In a study reported in a research letter in JAMA Oncology, Changchuan Jiang, MD, MPH, and colleagues found that U.S. cancer survivors were more likely to report delays in health care due to transportation barriers than persons without a history of cancer, with the difference driven by barriers among younger cancer survivors.
Changchuan Jiang, MD, MPH
The study involved survey data from 11,586 adult cancer survivors and 136,609 adults with no cancer history from the 2014–2018 National Health Interview Survey. Participants were asked: “Have you delayed getting care in the past 12 months because you did not have transportation?”
Delays in care in the preceding 12 months due to transportation barriers were reported by 3.1% of cancer survivors vs 1.8% of respondents without cancer history; the 3.1% figure translates into approximately 476,000 cancer survivors in 2018 based on survey weight.
Survivors aged 18 to 64 years were more likely to report barriers than respondents of the same age without a cancer history. No difference in reporting of barriers was found between survivors and persons without a cancer history aged ≥ 65 years.
In adjusted analysis, factors significantly associated with reporting of transportation barriers among survivors aged 18 to 64 years included younger age (odds ratio [OR] = 1.85 for 18–44 years vs 55–64 years), female sex (OR = 1.77), not being married (OR = 2.55), not being employed (OR = 2.17), having public insurance (OR = 2.38), poverty (ORs of 3.76 and 2.67 among those with household income < 100% and 100%–199% vs ≥ 400% of federal poverty level), any functional limitation (OR = 3.00), and comorbid illnesses (ORs of 3.29 and 3.90 for 1–2 and ≥ 3 vs 0).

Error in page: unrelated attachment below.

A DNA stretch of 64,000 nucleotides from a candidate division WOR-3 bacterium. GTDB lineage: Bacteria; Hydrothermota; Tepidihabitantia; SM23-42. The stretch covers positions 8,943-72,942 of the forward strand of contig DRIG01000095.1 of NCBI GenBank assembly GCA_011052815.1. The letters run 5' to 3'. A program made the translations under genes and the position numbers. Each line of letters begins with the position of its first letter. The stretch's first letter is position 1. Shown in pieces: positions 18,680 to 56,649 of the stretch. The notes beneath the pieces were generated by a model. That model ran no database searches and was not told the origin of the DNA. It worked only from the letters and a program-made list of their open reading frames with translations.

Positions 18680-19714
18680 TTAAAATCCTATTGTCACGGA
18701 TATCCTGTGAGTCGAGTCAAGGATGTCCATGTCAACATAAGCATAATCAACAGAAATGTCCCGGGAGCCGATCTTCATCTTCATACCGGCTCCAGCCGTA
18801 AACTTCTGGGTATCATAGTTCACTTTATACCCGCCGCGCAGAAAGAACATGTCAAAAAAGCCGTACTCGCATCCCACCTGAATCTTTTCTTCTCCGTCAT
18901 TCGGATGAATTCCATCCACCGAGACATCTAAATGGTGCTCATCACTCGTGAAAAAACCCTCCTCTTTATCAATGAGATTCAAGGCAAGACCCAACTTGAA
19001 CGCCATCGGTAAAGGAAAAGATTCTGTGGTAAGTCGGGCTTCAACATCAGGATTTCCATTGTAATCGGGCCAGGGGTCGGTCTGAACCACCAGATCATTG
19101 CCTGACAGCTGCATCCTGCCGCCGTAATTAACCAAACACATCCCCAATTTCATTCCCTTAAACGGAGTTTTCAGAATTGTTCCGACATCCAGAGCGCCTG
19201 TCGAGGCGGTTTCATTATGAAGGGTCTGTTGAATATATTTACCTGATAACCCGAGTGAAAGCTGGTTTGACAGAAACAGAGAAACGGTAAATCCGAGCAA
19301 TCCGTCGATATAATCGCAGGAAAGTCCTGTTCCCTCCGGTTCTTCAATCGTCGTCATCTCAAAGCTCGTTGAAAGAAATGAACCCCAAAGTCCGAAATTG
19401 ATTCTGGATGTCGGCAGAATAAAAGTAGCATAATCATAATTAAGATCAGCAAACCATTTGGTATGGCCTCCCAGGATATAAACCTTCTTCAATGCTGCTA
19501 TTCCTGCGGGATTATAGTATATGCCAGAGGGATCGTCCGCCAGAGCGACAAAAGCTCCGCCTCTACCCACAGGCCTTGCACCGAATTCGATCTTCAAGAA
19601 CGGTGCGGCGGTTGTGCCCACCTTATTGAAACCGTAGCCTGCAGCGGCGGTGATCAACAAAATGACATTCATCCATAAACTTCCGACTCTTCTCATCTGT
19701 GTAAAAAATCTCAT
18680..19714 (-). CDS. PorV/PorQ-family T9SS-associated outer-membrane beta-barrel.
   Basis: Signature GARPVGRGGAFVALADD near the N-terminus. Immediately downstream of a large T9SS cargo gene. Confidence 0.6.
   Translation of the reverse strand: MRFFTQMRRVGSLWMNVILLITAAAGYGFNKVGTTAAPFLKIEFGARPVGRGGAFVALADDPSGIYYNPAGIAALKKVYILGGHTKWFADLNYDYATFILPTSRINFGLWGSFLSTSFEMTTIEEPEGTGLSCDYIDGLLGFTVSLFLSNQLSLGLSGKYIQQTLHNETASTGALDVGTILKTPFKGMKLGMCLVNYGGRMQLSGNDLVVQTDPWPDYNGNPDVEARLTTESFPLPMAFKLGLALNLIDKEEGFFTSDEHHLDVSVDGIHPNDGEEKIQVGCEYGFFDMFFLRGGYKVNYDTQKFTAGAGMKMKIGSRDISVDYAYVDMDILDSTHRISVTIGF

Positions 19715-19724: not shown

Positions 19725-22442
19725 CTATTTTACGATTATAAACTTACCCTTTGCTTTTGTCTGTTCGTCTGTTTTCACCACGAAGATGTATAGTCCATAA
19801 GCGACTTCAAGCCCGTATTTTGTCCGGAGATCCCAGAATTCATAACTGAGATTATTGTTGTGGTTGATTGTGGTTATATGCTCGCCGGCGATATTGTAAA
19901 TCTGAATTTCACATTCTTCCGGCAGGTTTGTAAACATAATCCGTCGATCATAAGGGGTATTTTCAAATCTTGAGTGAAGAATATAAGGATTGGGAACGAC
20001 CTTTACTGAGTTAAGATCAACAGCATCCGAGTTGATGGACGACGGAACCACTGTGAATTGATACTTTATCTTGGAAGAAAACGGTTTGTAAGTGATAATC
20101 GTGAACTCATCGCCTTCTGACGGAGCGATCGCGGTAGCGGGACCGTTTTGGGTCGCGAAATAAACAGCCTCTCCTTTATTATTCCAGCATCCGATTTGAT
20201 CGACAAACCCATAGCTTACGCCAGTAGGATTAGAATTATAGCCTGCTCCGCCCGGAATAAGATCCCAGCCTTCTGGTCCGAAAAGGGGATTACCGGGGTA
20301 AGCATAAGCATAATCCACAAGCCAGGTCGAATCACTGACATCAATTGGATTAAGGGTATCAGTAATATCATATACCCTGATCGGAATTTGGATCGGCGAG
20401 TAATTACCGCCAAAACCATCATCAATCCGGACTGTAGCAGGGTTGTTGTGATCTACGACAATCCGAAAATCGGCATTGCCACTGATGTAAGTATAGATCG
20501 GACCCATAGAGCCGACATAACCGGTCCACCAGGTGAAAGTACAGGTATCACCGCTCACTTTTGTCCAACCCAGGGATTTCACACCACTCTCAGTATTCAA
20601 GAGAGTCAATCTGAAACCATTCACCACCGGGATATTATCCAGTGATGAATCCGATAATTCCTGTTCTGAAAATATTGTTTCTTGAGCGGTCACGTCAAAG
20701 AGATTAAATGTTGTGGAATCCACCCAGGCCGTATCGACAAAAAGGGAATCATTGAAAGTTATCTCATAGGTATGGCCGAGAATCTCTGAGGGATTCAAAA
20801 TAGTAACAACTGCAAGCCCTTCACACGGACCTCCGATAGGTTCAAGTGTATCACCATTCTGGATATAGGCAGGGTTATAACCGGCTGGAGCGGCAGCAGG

In adjusted analysis among survivors aged ≥ 65 years, significant factors were age (OR = 1.83 for 65–74 vs ≥ 75 years), being unmarried (OR = 1.99), being unemployed (OR = 3.31), insurance status (ORs of 2.77 for Medicare or Medicaid and 2.63 for Medicare only or other vs Medicare and private [except private HMOs]), poverty (ORs of 4.94, 2.51, and 2.50 for household income < 100%, 100%–199%, and 200%–399% vs ≥ 400% of the federal poverty level), any functional limitation (OR = 5.23), and comorbid illnesses (ORs of 2.68 and 4.23 for 1–2 and ≥ 3 vs 0).
The investigators stated, “In this cross-sectional study, transportation barriers to care were disproportionately reported by cancer survivors, especially working-age survivors (generally < 65 years). Delays in care due to transportation barriers were more prevalent among survivors who were poor, underinsured, unmarried, or with self-reported physical functional limitations…. More comprehensive approaches are needed for early identification and mitigation of transportation barriers to care, with involvement of all potential stakeholders (eg, patients and their families, physicians, nurses, social workers, payers) and consideration of related systemic barriers (eg, financial hardships, food, or housing insecurity). Telemedicine may also alleviate some transportation burdens.”
Dr. Jiang, of the Department of Medicine, Roswell Park Comprehensive Cancer Center, is the corresponding author for the JAMA Oncology article.
Disclosure: For full disclosures of the study authors, visit jamanetwork.com.The content in this post has not been reviewed by the American Society of Clinical Oncology, Inc. (ASCO®) and does not necessarily reflect the ideas and opinions of ASCO®.